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Willoughby: Early ski manufacturers – more makers than customers

Ad for Flexible Flyer skis in the 1939 bulletin of the National Ski Association.

The ad posted with this column was one of many attempting to attract skiers to their products. Skis then were all made of wood and manufacturers added skis to their line of other products. I was surprised Flexible flyer was one of them.

If you grew up in snow country you are aware of Flexible Flyer as a sled making company. I spent many hours of my youth on mine and also used it to haul stuff pulling the sled along Aspen’s snow packed streets. I used Little Nell for sledding and the Flexible Flyer was not always as flexible as needed. While it is designed so you can make it turn, the lower hundred yards of Little Nell were too steep and had too many moguls for the sled to turn fast enough resulting in many spills.

According to Wikipedia Samuel Leeds Allen patented his sled in 1889.



Allen’s New Jersey major business was farm equipment but in 1915 his plant produced 120,000 of them. An ad from that period claims, “saves shoes, prevents colds, and save’s doctor’s bills because you don’t drag your feet in steering”. The ad was intended to show its advantage to the alternative, toboggans.

Flexible Flyer did not appear to penetrate the Aspen market until 1927 when Tomkins Hardware began selling them. Tomkins did not advertise them preventing colds, but pitched, “don’t let your boy or girl miss all the fun for what good is snow without a Flexible Flyer.” They also sold an accessory, a sled back that, ’makes a dandy baby sled.’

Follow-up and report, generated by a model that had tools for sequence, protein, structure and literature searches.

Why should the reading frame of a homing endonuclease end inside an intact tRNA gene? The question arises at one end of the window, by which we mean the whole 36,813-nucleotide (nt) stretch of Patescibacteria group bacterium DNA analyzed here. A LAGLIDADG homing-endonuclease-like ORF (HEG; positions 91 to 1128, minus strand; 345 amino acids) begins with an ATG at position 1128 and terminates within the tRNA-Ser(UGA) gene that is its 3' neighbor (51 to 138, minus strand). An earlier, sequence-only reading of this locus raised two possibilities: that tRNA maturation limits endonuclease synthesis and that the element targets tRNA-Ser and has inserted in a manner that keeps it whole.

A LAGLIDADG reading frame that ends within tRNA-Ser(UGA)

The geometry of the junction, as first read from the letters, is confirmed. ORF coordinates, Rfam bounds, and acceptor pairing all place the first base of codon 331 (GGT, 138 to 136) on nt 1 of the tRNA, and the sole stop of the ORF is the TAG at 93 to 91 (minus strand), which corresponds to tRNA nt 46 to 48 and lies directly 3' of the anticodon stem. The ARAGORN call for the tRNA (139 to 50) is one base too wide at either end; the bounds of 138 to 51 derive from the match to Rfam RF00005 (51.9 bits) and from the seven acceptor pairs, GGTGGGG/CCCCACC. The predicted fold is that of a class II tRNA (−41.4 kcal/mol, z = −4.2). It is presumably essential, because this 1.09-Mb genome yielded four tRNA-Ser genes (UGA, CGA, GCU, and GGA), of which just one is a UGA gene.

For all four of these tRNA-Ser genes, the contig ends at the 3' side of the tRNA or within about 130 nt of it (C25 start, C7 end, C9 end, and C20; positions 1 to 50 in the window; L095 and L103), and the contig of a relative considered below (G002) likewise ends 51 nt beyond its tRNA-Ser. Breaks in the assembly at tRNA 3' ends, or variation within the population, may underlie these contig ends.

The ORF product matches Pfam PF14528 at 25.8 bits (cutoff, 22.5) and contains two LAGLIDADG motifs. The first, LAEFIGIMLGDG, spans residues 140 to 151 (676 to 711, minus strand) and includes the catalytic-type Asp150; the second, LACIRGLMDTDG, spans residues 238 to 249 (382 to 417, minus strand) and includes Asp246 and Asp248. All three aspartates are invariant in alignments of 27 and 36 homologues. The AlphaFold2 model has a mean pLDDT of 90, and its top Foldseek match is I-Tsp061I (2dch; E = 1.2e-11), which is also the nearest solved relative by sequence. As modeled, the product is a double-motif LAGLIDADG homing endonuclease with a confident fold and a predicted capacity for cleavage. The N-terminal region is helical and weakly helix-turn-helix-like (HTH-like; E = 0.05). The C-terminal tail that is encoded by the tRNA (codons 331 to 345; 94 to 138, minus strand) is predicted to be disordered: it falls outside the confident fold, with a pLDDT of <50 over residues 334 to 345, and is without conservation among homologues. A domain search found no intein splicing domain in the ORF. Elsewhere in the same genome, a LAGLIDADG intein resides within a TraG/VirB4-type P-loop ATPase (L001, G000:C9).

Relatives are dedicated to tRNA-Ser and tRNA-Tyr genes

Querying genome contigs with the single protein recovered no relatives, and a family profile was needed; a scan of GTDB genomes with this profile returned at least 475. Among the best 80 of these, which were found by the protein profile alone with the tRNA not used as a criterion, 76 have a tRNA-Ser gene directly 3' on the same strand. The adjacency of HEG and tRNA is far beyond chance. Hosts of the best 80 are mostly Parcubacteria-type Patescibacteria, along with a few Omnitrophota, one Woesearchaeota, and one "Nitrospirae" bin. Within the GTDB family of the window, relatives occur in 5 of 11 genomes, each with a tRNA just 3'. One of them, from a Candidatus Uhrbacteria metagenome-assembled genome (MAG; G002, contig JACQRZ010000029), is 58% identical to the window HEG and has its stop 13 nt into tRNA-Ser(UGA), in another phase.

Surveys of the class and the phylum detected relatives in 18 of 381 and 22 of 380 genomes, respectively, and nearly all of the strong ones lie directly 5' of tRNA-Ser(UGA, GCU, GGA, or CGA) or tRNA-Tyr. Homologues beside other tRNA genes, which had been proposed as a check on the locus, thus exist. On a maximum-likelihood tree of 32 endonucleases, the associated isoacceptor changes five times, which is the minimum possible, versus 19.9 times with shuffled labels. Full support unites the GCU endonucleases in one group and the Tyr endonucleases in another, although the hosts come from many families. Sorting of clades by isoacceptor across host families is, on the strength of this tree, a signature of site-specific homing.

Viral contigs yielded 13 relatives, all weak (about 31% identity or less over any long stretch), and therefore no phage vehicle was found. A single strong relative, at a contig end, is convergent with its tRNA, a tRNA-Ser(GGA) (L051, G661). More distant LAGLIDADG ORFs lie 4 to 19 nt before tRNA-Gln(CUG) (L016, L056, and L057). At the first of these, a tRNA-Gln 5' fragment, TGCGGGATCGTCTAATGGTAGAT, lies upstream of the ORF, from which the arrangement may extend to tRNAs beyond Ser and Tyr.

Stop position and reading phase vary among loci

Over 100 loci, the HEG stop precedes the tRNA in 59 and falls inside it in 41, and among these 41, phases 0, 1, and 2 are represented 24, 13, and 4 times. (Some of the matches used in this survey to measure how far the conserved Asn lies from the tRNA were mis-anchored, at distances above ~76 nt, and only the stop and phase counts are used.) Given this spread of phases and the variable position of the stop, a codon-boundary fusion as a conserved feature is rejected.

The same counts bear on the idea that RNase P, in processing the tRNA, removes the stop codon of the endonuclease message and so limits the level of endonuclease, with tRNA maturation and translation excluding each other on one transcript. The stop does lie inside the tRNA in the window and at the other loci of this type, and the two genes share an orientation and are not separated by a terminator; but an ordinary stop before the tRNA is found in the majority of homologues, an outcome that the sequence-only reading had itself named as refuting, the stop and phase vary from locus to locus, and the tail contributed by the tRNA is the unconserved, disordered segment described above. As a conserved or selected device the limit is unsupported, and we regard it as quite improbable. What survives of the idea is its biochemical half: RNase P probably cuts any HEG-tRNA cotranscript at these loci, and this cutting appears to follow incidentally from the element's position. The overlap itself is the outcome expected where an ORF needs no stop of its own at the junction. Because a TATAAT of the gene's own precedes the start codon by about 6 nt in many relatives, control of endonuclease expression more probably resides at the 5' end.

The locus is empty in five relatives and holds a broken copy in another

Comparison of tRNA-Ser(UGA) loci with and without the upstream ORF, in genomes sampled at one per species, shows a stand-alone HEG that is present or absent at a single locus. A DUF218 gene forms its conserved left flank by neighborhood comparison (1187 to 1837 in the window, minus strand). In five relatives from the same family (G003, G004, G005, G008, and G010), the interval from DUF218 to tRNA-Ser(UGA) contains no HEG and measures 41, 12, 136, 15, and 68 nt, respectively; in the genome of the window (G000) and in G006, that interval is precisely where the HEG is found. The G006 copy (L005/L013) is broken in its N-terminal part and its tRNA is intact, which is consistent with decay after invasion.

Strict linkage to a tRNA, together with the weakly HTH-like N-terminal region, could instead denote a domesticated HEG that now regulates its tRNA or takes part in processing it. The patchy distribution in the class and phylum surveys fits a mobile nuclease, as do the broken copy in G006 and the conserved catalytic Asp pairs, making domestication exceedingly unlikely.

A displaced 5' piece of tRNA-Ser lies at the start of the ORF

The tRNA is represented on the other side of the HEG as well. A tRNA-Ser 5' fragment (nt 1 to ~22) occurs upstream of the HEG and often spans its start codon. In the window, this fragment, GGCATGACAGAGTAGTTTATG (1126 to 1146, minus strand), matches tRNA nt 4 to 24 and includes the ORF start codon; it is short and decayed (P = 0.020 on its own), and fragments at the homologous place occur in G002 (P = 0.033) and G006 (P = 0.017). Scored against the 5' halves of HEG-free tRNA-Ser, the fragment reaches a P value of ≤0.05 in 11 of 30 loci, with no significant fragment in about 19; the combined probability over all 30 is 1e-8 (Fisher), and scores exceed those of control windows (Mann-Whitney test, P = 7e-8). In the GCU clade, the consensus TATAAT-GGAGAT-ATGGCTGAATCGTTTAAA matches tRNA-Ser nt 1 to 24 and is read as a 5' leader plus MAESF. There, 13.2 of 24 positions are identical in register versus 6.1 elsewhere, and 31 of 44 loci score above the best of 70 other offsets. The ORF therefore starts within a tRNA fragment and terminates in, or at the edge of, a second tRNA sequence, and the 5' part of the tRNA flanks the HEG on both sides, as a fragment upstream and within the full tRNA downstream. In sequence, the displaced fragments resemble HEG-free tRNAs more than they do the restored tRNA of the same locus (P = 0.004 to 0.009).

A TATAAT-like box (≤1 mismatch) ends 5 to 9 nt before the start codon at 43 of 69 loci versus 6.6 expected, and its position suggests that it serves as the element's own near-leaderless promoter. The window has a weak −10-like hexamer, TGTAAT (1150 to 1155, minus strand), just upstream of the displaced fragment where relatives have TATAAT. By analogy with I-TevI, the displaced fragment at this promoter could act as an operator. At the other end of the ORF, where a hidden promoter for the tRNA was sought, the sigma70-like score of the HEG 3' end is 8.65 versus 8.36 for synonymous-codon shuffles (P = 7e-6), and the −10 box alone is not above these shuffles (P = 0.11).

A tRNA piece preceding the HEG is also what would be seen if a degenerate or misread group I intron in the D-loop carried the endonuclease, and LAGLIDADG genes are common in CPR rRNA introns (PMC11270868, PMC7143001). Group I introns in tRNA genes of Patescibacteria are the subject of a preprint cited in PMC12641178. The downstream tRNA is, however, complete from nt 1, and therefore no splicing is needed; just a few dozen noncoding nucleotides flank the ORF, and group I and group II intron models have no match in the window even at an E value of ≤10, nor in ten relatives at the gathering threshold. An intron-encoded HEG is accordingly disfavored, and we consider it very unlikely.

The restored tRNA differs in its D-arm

Flexible Flyer sold many skis especially during World War II but went out of the ski business around 1950. Like many skis during most of that period they did not have metal edges. Without those hard and sharp edges skis did not turn as easily, and they also wore out quickly.

Flexible Flyer’s hickory skis were not advertised in Aspen, but in 1938 Tomkins snow sports customers were choosing between Flexible Flyer sleds ranging in price from $2.75 to $4.00 and Groswold Skis at $8.95 ($138 in today’s dollars) and up.

Thor Groswold’s plant was in Denver, opening in 1932. Groswold was invited to be a partner in the Highland Bavarian, Aspen’s first foray into skiing, and he was one of the early investors in the Aspen Skiing Company. His company was the first to be an official ski supplier for America’s Olympic team in 1948 when Gretchen Fraser won America’s first skiing gold medal. Groswold stopped making skis in 1952. Like many of the early ski manufacturers they did not make the transition to metal skis.

There were many early ski manufacturers. Even if you grew up at the time of wood skis you will not recognize most of the manufacture names. It was not a large market and it appears some of them were regional businesses. Go to: http://www.woodenskis.com/classic_brands.htm, a site that compiled information and photos of dozens of brands from the early days of skiing.

My father fashioned his first skis as did most locals in the 1920s. His first pair of manufactured skis were Groswold’s, the favorite of nearly everyone in Aspen. Since he knew Groswold personally he would not have any other brand. I had a hand-me-down Flexible Flyer sled and hand-me-down skis, but none of them were Groswold. By the time I began skiing Northland skis with metal edges dominated Aspen’s children’s used and new ski market.

Tim Willoughby’s family story parallels Aspen’s. He began sharing folklore while teaching Aspen Country Day School and Colorado Mountain College. Now a tourist in his native town, he views it with historical perspective. Reach him at redmtn2@comcast.net.


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